About Greenlawn Funeral Home
In 1876, Joseph Diemer settled in the area as one of Springfield's earliest pioneer families. Joseph had seven children, including Benjamin Jacob Diemer, who went on to found Greenlawn Funeral Home. Benjamin attended Springfield Public School, then helped operate the Diemer Brother's Dairy Farm. In 1903, he was elected Judge of Greene County. During Benjamin's tenure, he was largely responsible for the building of the historic Greene County Courthouse. In 1905, after seeing a need in the area, Benjamin marked off part of the Diemer farm and started Greenlawn Cemetery. Having a fondness for trees, he planted hundreds of maple trees. Today, they stand as a testament to the forethought of one man and are enjoyed by thousands of people who drive by to see them each fall.
After Greenlawn's incorporation in 1924, Benjamin and his son, Harry, managed the funeral home until Benjamin's death in 1942. Harry Diemer and wife, Una, were very involved in the community and opened a theater downtown. They had one son, Jack, who served in WWII and returned home to work alongside his father. Jack and Harry opened the vault shop and monument shop in the 1950s, then built Greenlawn Funeral Home North in 1966. Harry died just a short time before Greenlawn Funeral Home South was completed in 1976.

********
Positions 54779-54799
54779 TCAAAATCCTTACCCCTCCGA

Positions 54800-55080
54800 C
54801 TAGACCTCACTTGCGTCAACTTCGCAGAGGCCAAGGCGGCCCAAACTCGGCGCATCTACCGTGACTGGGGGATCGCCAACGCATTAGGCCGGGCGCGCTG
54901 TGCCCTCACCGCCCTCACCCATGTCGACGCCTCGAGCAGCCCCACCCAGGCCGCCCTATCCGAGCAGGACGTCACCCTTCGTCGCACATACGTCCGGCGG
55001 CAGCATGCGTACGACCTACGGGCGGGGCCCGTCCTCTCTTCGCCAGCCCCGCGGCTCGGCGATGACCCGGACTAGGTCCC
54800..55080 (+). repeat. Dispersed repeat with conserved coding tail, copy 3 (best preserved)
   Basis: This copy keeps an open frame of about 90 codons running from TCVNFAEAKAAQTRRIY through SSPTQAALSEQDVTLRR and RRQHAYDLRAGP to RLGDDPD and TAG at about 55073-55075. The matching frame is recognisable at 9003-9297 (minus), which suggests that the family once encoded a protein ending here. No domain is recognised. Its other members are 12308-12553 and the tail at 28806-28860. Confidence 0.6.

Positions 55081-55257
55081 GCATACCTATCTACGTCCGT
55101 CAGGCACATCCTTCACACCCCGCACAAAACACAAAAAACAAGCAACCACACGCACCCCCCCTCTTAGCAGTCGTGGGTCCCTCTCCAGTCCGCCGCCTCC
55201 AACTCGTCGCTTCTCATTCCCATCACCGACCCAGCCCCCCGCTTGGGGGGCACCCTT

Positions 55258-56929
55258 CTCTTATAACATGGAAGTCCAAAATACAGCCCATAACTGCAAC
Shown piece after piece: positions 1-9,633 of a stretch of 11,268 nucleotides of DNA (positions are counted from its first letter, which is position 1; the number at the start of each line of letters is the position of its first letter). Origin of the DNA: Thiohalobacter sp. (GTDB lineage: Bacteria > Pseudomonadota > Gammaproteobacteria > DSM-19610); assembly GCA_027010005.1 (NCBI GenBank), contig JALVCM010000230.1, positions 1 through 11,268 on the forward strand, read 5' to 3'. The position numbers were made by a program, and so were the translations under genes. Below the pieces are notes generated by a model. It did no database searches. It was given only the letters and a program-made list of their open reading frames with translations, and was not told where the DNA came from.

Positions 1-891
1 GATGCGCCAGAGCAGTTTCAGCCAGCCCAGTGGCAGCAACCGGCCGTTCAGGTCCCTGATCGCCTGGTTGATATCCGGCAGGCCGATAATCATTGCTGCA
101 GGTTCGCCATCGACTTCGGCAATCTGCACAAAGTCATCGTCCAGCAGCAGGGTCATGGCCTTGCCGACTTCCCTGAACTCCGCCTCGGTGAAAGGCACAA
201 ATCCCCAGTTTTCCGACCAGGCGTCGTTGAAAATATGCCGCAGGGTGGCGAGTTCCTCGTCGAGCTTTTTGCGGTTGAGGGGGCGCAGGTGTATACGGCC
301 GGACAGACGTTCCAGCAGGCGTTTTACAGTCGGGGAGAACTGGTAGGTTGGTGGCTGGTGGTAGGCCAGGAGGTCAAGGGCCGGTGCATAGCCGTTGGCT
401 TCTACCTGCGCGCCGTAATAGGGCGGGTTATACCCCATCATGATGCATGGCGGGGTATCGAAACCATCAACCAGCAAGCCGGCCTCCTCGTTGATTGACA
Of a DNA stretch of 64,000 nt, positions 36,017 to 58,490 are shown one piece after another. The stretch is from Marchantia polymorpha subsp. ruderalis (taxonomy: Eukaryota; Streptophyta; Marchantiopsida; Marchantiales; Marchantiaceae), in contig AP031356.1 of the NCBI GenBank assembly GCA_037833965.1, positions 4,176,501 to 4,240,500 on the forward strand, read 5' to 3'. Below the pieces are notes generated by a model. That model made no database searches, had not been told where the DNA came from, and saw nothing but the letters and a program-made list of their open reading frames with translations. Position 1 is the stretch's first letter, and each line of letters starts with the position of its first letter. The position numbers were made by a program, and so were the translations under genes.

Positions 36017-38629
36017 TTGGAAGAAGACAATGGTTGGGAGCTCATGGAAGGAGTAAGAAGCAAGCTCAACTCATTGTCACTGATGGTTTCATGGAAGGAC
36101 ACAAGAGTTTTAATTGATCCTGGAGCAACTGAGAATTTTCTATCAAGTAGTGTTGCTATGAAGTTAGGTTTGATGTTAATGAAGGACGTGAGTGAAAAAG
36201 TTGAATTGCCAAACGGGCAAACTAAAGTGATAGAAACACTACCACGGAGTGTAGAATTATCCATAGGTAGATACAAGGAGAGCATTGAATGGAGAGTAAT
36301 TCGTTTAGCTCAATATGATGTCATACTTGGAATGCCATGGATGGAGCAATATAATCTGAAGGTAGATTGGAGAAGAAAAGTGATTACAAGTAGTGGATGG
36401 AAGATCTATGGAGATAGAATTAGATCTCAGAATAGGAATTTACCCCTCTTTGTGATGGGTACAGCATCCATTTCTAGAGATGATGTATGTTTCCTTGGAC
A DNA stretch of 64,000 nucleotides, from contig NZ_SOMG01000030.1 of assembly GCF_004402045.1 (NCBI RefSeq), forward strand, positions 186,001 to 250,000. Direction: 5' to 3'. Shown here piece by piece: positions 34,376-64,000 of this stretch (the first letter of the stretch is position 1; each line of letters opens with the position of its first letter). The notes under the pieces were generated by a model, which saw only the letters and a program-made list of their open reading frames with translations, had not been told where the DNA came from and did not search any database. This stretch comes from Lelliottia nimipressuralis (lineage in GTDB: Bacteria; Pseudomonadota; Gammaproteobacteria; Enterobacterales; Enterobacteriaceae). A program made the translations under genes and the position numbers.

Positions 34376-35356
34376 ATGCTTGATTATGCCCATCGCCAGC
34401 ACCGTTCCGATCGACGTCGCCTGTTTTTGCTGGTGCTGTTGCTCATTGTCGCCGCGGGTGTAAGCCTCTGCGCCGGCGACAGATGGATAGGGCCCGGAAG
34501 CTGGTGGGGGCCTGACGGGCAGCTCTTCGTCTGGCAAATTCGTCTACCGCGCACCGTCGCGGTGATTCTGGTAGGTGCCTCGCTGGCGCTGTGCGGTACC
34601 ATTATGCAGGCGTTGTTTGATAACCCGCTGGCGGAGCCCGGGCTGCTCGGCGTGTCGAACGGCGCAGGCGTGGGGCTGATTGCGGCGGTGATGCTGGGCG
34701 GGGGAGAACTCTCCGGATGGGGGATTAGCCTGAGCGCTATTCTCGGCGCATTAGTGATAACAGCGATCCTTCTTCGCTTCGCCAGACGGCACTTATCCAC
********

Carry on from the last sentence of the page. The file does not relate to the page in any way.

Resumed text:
Jack and his son, Jake H. Diemer, worked together and built Greenlawn Funeral Home Branson in 1987. Jake purchased Pitts Chapel in 1996 after his father's death. Jake and his son, Jason J. Diemer, built Greenlawn Funeral Home East, completed in 2006. Jason also has a son, Boston Jacob Diemer, who now comprises the 6th generation of the family.
Today, Jake and Jason are involved in the day to day operations of Greenlawn, and continue the tradition of community involvement by participating in Ozarks Racing Association, Breast Cancer Foundation of the Ozarks, local YMCA, local sports youth teams, Alzheimer's Association, and American Cancer Society.